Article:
Published January 13, 2015
Groups representing most facets of the nation's health care system are lining up in support of a large spending increase for a popular children's insurance program, even as President Bush renewed his veto vow Tuesday.
The major lobbying groups for insurers, doctors and hospitals said they stand behind a proposal to more than double spending on the State Children's Health Insurance Program. To pay for the increased spending, supporters seek a 61 cent increase in the federal excise tax on cigarettes. Comparable tax increases would also be applied to other tobacco products.
The legislation, which still wasn't available to the public late Monday evening, was to come up for a vote in the House on Tuesday. It was expected to pass easily.
However, Bush repeatedly has promised to veto the bill. A White House statement issued shortly before the House debate was to open said the bill "goes too far toward federalizing health care" and offers help to families that do not need it.
The most critical test will be whether at least two-thirds of the House members support the bill — the number needed to override a veto. Most analysts believe the bill is not likely to get that many votes.
The health insurance program, known as SCHIP, provides coverage to about 6 million children and 600,000 adults. Supporters said the bill under consideration Tuesday in the House and Wednesday in the Senate would raise that enrollment number to about 10 million children.
Richard Umbdenstock, president and CEO of the American Hospital Association, said Monday that children without health insurance were 2 1/2 times more likely to go without care for an illness than were children with insurance. Also, uninsured children were four times as likely as insured children to seek treatment in an emergency room.
He said the legislation being considered this week would help ensure that minor illnesses didn't become major illnesses for many children.
Bush supports a smaller spending increase for SCHIP: $5 billion over five years. The bill before Congress calls for a $35 billion increase.
Bush said he opposes the bill because it would turn SCHIP into a program that covers wealthier families who already have private health insurance.
"Instead of expanding SCHIP beyond its original scope, we should return it to its original focus, and that is helping poor children, those who are most in need," Bush said last week.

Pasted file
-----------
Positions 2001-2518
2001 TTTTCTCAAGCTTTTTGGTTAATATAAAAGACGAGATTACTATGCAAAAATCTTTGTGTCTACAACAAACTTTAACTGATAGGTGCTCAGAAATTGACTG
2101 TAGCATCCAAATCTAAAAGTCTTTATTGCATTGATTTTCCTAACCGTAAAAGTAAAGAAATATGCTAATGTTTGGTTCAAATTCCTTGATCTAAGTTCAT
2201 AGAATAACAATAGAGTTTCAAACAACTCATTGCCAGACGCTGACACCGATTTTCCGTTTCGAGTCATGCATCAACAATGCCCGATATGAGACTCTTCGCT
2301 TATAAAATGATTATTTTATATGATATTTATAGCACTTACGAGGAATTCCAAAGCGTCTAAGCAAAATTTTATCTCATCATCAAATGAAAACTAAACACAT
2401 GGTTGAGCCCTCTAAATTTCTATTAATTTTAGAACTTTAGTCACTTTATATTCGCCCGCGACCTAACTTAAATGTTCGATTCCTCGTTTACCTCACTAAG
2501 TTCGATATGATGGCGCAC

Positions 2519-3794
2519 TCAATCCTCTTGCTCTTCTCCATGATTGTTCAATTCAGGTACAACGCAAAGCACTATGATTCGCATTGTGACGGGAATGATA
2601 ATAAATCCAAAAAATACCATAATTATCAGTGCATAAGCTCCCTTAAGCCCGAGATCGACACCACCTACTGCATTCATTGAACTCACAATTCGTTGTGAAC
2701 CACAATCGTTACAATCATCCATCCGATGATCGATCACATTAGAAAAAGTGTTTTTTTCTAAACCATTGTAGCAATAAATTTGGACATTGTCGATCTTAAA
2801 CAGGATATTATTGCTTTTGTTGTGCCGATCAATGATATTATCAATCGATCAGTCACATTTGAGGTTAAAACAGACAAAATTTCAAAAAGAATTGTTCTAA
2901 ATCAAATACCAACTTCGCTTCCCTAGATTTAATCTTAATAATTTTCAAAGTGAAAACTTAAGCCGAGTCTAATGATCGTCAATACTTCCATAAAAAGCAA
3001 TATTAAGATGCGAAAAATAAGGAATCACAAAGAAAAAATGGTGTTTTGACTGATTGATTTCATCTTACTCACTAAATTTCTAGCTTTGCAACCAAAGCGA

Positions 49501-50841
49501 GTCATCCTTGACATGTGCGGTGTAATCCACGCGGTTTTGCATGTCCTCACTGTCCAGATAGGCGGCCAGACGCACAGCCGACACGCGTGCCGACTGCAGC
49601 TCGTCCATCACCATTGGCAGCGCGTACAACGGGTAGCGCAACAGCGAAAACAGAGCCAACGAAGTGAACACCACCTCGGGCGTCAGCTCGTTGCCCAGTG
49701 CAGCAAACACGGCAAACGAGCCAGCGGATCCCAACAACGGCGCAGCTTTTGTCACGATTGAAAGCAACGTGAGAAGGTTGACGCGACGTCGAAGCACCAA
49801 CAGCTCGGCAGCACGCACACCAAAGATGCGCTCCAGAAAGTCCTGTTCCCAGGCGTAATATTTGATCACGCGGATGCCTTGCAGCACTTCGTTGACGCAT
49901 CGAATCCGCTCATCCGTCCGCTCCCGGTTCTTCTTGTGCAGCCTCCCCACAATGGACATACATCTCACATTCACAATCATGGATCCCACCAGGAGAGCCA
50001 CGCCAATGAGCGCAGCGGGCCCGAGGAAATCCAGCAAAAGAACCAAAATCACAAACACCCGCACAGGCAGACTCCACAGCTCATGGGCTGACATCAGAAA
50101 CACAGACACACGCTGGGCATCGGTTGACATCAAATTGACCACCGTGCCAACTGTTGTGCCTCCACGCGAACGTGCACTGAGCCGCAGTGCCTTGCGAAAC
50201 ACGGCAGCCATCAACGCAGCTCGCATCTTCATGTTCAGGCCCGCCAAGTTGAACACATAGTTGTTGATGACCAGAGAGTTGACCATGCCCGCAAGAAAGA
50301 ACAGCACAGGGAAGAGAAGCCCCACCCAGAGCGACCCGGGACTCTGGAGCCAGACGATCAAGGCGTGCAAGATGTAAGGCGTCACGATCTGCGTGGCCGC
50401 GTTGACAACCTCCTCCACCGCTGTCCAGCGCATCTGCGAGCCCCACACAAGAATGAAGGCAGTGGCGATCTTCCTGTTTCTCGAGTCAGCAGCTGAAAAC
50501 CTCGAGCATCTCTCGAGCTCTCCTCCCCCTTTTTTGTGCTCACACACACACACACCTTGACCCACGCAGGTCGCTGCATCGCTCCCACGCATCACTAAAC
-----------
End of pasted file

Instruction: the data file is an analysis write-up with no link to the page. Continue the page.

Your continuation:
Sens. Max Baucus, D-Mont., and Charles Grassley, R-Iowa, took issue with Bush's description of their legislation. They said the vast majority of children participating in SCHIP would still live in families whose incomes are below twice the federal poverty level — $34,340 for a family of three.
"This program is a low-income kids program. There's just no doubt," Baucus said.
Grassley said that about half of the spending increase being proposed is needed just to cover the program's existing population.
Grassley emphasized that the legislation would not change the law about who is allowed into the program. If eligibility limits were increased to the levels described by the president — $83,000 for a family of four — it would have to be done with the administration's approval. Such approval is unlikely to occur, given that the administration just rejected such a request from the state of New York, he said.
Republicans will argue that tobacco taxes fall hardest on the working poor, the very people SCHIP was designed to help. About a third of adults who live in poverty are smokers.
"Under this scheme, the poorest Americans will be burdened with even higher federal taxes so that wealthier families and businesses can shift the cost of their health care coverage to the American taxpayers," said Reps. Joe Barton, R-Texas and Nathan Deal, R-Ga, in a letter to colleagues.
Republicans will also argue that the legislation relies on "gimmicks" to appear more affordable. Specifically, the bill authorizes $14.25 billion during the first 6 months of 2012; then slashes the amount to $1.75 billion for the second 6 months of that year. It then assumes the lower spending level for the program's duration.
As a result, Congress will have to find more revenue to maintain coverage for all enrollees after 2012, or states will have to slash enrollment.